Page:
A total of 4.5 million supercomputing processing hours and 100 trillion bytes of data storage space on the most powerful computer for unclassified research in the United States is now up for grabs. The US Department of Energy's (DOE) Innovative and Novel Computational Impact on Theory and Experiment (INCITE) program is inviting research proposals from scientists worldwide.

The DOE's Office of Science is making 10% of the National Energy Research Scientific Computing (NERSC) Center's 10-teraflop (trillion floating point operations per second) computer available for "grand challenge" calculations. Named Seaborg, the NERSC Center's IBM SP RS/6000 machine at Lawrence Berkeley National Laboratory was, as of June 2003, ranked number five among the world's top 500 supercomputers.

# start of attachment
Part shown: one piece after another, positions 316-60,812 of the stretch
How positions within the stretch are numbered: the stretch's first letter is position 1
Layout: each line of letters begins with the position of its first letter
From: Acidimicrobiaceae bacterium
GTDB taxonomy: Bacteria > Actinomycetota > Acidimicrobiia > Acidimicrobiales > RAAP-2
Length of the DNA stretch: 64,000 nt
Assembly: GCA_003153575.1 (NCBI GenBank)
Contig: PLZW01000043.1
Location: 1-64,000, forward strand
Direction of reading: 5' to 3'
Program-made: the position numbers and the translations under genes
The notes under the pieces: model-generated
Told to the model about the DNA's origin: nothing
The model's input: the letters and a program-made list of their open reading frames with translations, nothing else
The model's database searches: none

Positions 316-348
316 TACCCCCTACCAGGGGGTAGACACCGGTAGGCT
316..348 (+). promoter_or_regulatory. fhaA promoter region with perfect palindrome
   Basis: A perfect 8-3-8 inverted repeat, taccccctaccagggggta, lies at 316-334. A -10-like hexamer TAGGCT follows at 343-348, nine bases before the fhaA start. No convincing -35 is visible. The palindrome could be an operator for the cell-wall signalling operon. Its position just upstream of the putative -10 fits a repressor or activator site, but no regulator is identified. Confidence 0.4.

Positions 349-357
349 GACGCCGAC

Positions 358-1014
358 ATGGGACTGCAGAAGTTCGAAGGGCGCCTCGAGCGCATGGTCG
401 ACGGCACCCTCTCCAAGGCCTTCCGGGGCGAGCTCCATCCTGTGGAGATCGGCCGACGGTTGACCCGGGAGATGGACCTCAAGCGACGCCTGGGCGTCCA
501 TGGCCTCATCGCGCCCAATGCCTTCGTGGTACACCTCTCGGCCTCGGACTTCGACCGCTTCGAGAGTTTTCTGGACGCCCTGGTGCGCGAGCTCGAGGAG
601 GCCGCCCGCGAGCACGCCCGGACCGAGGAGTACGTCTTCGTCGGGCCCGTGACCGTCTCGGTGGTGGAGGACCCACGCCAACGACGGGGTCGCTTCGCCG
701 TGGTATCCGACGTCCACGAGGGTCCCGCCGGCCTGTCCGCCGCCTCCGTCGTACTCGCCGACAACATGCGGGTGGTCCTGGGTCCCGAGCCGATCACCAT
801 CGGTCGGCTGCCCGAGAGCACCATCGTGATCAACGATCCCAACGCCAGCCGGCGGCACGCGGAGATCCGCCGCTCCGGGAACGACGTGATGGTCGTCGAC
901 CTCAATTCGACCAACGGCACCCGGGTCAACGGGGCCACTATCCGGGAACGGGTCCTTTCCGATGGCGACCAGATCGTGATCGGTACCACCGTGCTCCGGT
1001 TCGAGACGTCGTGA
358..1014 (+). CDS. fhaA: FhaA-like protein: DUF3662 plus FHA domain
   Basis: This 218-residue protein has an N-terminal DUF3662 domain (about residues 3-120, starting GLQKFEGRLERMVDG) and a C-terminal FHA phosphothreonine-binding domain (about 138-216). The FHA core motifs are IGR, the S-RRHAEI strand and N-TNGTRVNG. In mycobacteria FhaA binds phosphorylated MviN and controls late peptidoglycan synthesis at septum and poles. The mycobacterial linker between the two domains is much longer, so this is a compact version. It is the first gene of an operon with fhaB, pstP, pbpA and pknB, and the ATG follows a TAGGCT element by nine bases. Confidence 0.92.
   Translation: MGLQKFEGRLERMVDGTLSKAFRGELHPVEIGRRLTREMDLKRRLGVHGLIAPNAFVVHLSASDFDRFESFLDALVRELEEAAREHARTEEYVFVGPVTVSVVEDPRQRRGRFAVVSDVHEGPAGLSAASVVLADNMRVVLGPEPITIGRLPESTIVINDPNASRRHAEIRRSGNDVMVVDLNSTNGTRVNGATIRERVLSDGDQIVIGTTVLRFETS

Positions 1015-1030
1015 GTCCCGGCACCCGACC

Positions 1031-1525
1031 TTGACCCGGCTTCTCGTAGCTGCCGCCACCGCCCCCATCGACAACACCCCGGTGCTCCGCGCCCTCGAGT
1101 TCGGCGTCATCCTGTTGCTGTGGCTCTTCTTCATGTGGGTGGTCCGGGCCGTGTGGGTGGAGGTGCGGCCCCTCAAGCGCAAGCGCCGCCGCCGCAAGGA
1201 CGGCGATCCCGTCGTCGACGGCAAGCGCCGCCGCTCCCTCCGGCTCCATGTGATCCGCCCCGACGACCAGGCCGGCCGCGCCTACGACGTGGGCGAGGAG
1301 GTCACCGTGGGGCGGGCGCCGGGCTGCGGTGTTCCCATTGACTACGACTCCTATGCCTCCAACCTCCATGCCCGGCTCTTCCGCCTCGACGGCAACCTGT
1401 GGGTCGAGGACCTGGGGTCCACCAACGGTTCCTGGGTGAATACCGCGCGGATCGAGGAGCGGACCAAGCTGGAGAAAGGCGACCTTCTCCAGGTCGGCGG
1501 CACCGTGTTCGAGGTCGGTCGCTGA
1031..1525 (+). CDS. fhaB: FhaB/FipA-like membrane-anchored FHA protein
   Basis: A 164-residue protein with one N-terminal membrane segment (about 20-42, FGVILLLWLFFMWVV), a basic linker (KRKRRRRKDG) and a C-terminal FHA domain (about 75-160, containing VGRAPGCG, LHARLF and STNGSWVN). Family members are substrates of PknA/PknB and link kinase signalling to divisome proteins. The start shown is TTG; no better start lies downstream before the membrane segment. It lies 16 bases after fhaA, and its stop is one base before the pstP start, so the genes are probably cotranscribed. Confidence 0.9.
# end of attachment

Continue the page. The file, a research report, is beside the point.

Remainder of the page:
"Building these big computers only makes sense if you have really big computation projects to make use of them," said NERSC Director Horst Simon. "We're looking for someone with new ideas who's been...

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